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People v. Schmidt

California Court of Appeals, Third District, Sacramento

November 8, 2019

THE PEOPLE, Plaintiff and Respondent,
v.
LONNIE GLENN SCHMIDT, Defendant and Appellant.

         CERTIFIED FOR PARTIAL PUBLICATION [*]

          APPEAL from a judgment of the Superior Court of Sacramento County No. 13F07578, Donald J. Currier, Judge. Affirmed in part and reversed in part.

          Laura Schaefer, under appointment by the Court of Appeal, for Defendant and Appellant.

          Xavier Becerra, Attorney General, Gerald A. Engler, Chief Assistant Attorney General, Michael P. Farrell, Assistant Attorney General, Julie A. Hokans, Galen N. Farris, Deputy Attorney General, for Plaintiff and Respondent.

          RENNER, J.

         Following a lengthy jury trial in which he represented himself, defendant Lonnie Glenn Schmidt was convicted of four counts of prohibited practices by a foreclosure consultant (counts 1-2, 29-30-Civ. Code, § 2945.4, subds. (a) and (e)), ten counts of filing false instruments (counts 3, 4, 6, 8, 10, 12, 13, 15, 18, 26-Pen. Code, § 115, subd. (a)), [1] six counts of identity theft (counts 5, 7, 9, 11, 14, 16-§ 530.5, subd. (a)), one count of second degree burglary (count 17-§ 459), one count of perjury (count 19-§ 118, subd. (a)), three counts of grand theft (counts 20, 27-28-§ 487, subd. (a)), and five counts of attempted grand theft (counts 21-25-§§ 664, 487, subd. (a)). The trial court sentenced defendant to a total of 28 years in state prison plus one year consecutive in the county jail.

         On appeal, defendant argues, and the People concede, that: (1) insufficient evidence supports the convictions for violations of Civil Code section 2945.4, subdivisions (a) and (e) in counts 29 and 30, and (2) the grand theft convictions on counts 20 or 21, on the one hand, and 27 or 28 on the other, are barred by the multiple takings doctrine set forth in People v. Bailey (1961) 55 Cal.2d 514, 518-519 (Bailey). We accept the People's concessions and shall reverse the convictions on counts 20, 28, 29, and 30.

         Defendant also argues that the evidence does not support the convictions for violations of section 115, subdivision (a) in counts 3 and 26. We agree and shall reverse the convictions on counts 3 and 26 as well.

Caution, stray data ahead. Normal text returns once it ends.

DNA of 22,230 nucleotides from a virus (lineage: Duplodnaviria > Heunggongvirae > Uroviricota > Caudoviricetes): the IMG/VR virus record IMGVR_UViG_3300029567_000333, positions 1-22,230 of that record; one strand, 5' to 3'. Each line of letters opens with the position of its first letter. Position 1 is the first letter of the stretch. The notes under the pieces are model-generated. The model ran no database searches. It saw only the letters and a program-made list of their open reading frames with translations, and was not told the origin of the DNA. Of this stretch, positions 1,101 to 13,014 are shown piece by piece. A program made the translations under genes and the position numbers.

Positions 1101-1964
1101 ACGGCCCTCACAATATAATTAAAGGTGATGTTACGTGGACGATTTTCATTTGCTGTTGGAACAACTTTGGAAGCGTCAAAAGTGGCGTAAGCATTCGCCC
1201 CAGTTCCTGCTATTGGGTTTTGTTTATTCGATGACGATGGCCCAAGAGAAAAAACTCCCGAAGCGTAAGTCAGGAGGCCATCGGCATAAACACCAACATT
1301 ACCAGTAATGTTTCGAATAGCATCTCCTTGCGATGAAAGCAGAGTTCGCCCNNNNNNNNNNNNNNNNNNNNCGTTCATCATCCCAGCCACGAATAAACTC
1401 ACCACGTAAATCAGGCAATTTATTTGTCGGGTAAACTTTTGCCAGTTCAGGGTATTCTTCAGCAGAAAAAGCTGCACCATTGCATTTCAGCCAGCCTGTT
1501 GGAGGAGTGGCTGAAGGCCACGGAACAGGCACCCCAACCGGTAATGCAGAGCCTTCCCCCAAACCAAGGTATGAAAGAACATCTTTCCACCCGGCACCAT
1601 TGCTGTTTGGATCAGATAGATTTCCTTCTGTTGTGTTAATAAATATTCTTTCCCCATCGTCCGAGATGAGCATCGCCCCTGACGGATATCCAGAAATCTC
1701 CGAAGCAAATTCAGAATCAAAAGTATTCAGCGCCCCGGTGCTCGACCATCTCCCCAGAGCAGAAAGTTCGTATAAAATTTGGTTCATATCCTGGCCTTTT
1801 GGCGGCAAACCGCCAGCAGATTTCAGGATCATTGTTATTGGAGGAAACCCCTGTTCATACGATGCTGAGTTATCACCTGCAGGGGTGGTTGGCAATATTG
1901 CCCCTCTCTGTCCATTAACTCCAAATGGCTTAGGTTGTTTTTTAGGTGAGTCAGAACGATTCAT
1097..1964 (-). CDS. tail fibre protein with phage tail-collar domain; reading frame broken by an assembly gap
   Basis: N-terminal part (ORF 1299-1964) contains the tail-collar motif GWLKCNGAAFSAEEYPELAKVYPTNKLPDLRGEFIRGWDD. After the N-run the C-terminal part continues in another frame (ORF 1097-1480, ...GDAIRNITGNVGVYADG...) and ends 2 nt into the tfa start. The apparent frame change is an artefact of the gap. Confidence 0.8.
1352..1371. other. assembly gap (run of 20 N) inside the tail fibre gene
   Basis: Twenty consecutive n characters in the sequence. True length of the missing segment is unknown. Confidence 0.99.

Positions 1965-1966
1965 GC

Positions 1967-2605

Defendant also argues the trial court should have stayed his sentence on counts 17, 20 to 25, and 27 to 28. The People concede that the sentence should have been stayed on count 21. We accept the concession and remand for resentencing on count 21. We reject defendant's contention that the sentence should have been stayed on the other enumerated counts.

         Defendant also argues, and the People also concede, that the trial court erred in reducing the conviction for second degree burglary in count 17 to misdemeanor shoplifting under Proposition 47, and sentencing him to one year consecutive, rather than eight months. We accept the People's concession and remand for resentencing on count 17.

         We reject defendant's remaining contentions.

         I. BACKGROUND

         Defendant managed a home foreclosure rescue operation, doing business as Second Opinion Services and Financial Services Bureau Limited. He hired and supervised Alan, who testified for the prosecution under a grant of immunity. Neither defendant nor Alan was a licensed real estate broker, real estate agent, or attorney, and neither had registered with the State as a foreclosure consultant.

         A. Defendant's “Mortgage Rescission” Program

         According to Alan, defendant developed a “mortgage rescission” program that allowed financially distressed homeowners to avoid foreclosure and receive “fee simple title control” of their properties, free and clear of their mortgages. Under the program, homeowners paid an enrollment fee, and then signed quitclaim deeds transferring their properties to trusts created by defendant, with defendant as trustee. At defendant's instruction, homeowners would then stop paying their mortgages (if they had not done so already) and instead make monthly lease payments to defendant. Defendant told homeowners that the monthly lease payments would continue for a period of five years, after which, he claimed, they would own their homes free and clear.

         During the trial, the jury heard from multiple prosecution witnesses that defendant's mortgage rescission program failed to work as advertised. The jury heard evidence about a number of transactions, involving a number of properties. We describe two such transactions in detail and provide a more general overview of the others.

         1. The Walnut Avenue Property (Counts 1-3, 18, 20, and 21)

         Hector owned a home on Walnut Avenue in Orangevale. Hector fell behind on his mortgage payments and went into default in October 2010. He heard about defendant's program from a friend and reached out for help. Defendant told Hector that he knew a way to save the house and gain title free and clear of the mortgage, but “it was going to cost [him].”

         Defendant explained that Hector would pay an enrollment fee of $6, 500, transfer the property to “an entity, ” and “lease the house back from the entity for $891 monthly” for a period of five years. He would then make a balloon payment of $75, 000, which, defendant said, he could easily pay by refinancing, as he would now own the house free and clear.

         Hector paid the $6, 500 enrollment fee and signed a quitclaim deed in February or March 2011 transferring the house to a trust known as the H&H Barbershop Trust. Although defendant told Hector that he would have control over the property through the H&H Barbershop Trust (which was named for Hector's business), the abstract of trust, which defendant did not show Hector, identified defendant and Alan as trustees and gave them “absolute and exclusive power and control over the management and conduct of the business and affairs of the trust.” Hector would not have signed the quitclaim deed had he known that he would be ceding control of the property to defendant.

         Hector made monthly lease payments for several months, beginning in April and ending in September 2011. He stopped making payments to defendant on the advice of an attorney and instead resumed making monthly payments to his mortgage lender. Eventually, he managed to obtain a loan modification which allowed him to keep his house. Defendant was not involved in the process of securing the loan modification.